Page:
CSC Scientific Blog
Topics: Coulometric Karl Fischer, Moisture Analysis, Moisture Testing, Karl Fischer Oven, Karl Fischer, Karl Fischer Titration, Loss-On-Drying, Moisture, interfacial tension, moisture content, moisture measurement
What seems like a million words ago, I began this journey explaining the simplest approach to measuring or determining moisture: Loss-on Drying. Little did I know how involved and esoteric it would become.
This voyage has taken me down mysterious paths through spooky theories, back to age-old chemistry concepts and into the vagaries of thermodynamics related to evaporation, vapor pressure, bound water and water activity. I have come full-circle; back to explaining Loss-on Drying -- a form of drying that I had assumed would be the simplest of all.
I thought the first four topics [evaporation, vapor pressure, bound moisture, water activity] were tough, complex, confounding and less-than-obvious. Drying -- defined as “the mass-transfer process of removing water (or other solute) by evaporation from a solid, semi solid or liquid” -- seemed easy.
As is often the case, reality makes “easy” a non-operative word. Such has turned out to be so with respect to the issue of drying.
In my previous missive about Loss-On drying, we discussed Vapor Pressure -- because logically it was next. As we continue to explore moisture, we learn how vital vapor pressure is when regarding the quirky issues of free and bound water.
Topics: Evaporation, Bound Moisture, Free Moisture, Moisture Analysis, Moisture Testing, Karl Fischer Titration, Praxis Moisture Balance, Loss-On-Drying, Moisture, karl fischer moisture, water content measurement
One quiet night, I was musing over moisture analysis and how easy it is to do using loss-on drying. Little did I know what was in store.
Last week, as I was reflecting on a recent moisture content problem, I recalled our series “Loss-on Drying and Other Moisture Mysteries.” In that series I examined moisture chemistry in products. However, I did little to define moisture content.
“How Many Ways are there to Measure Moisture?”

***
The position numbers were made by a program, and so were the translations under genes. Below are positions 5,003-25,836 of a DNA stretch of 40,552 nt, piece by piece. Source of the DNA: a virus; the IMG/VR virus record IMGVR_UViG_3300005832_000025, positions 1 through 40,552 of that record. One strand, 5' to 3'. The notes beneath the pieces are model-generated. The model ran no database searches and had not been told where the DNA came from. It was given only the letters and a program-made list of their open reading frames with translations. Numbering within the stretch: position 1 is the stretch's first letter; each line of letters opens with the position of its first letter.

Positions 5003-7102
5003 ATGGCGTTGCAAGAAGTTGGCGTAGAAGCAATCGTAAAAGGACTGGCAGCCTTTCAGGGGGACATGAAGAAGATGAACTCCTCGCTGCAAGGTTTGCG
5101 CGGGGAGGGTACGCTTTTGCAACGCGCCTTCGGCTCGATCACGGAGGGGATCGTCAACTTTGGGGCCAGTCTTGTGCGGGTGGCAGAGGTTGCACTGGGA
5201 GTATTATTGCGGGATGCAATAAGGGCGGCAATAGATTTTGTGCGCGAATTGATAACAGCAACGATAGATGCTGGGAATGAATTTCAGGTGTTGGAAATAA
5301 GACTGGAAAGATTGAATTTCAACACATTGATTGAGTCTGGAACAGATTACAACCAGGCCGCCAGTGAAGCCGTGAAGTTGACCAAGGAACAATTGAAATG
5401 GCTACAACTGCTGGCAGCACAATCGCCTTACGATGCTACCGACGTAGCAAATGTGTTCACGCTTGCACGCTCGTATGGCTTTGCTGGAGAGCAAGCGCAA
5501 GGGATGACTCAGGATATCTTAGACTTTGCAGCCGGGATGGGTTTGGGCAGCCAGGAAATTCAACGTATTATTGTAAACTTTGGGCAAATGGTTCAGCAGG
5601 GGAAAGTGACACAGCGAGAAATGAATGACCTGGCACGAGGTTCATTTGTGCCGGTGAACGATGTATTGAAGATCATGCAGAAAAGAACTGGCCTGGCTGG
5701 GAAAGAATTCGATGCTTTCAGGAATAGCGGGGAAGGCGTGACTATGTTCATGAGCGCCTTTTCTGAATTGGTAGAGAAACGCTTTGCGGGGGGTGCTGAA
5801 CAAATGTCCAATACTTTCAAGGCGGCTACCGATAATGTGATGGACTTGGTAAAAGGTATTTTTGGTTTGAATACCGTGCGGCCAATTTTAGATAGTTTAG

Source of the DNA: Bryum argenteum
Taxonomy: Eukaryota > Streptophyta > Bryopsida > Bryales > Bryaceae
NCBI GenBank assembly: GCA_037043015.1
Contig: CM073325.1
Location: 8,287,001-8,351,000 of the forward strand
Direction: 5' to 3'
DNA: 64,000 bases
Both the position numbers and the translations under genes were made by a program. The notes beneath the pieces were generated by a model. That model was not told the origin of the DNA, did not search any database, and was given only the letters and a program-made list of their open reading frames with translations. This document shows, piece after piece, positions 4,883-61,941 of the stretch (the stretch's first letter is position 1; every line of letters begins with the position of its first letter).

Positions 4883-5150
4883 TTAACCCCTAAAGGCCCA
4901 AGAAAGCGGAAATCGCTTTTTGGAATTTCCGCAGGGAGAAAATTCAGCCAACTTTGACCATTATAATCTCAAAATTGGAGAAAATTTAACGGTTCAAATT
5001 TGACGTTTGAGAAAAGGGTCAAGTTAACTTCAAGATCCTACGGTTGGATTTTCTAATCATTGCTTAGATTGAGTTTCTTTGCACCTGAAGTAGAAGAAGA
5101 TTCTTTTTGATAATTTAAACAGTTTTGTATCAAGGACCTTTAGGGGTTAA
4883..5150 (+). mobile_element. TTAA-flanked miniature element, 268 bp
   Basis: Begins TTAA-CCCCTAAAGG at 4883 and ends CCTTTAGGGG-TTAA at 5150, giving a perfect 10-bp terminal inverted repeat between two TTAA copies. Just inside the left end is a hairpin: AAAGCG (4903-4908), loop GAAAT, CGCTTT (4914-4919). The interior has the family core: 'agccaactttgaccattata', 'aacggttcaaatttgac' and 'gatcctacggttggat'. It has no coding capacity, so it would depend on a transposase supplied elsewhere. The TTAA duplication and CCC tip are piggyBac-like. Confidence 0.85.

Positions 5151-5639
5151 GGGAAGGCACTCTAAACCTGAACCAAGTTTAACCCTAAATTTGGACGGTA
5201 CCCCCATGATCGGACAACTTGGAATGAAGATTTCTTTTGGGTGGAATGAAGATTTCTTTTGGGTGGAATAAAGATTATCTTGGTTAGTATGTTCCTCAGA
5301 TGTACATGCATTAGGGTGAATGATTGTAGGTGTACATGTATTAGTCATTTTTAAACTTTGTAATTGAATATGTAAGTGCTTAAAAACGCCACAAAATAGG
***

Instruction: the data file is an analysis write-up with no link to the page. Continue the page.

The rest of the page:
That is a recurrent question in early discussions about moisture measurement problems. Is frequently asked in connection with specific products and applications. This is a basic primer on the main techniques.
Most Used Methods to Measure Moisture Content
There are four core methods. They include the use of heat, chemicals, electrical properties and electrro magnetic phenomena.
Regularly I’m asked the question; “How accurate is this moisture balance?”
The questioner asks for the answer in terms of percent (%) moisture. When I answer “it depends”, I always get the unspoken response, “Why did I ask this stupid idiot?”
When you ask about the accuracy of something like weight or temperature the answers are straight forward and relate to the instruments' precision. For example 25 grams or 50 degrees plus or minus (+/-) 0.1 gram or 1/2 degree.
Percent is Relative
When you ask the question of how accurate is my percentage reading, the answer becomes complicated. It’s complicated because percentage (%) is a relative term. For example, the answer for the result of a Loss on Drying (LOD) moisture test, is based on the size of the sample you use.
Using the example of a LOD moisture test we can understand the concept. The result of this type of test is calculated by subtracting the weight of the sample at the end of the test from the weight of the sample at the beginning of the test. This difference is divided by the initial weight of the sample. This procedure produces a % moisture result.
In the following analysis, the implication s of sample size and instrument precision will be illustrated. This will be based on a sample that has 23.5% moisture and an electronic LOD moisture balance that has a sensitivity of 0.001 grams and repeatability of ± .005 grams.
The answer to the question, “How Long Does a Water Activity Test Take?” is, as with most testing questions, “it depends.” Some water activity meters promise a test completed in a very short time; some in as little as five minutes. This time is an arbitrary selection that may or may not produce a satisfactory result.Read More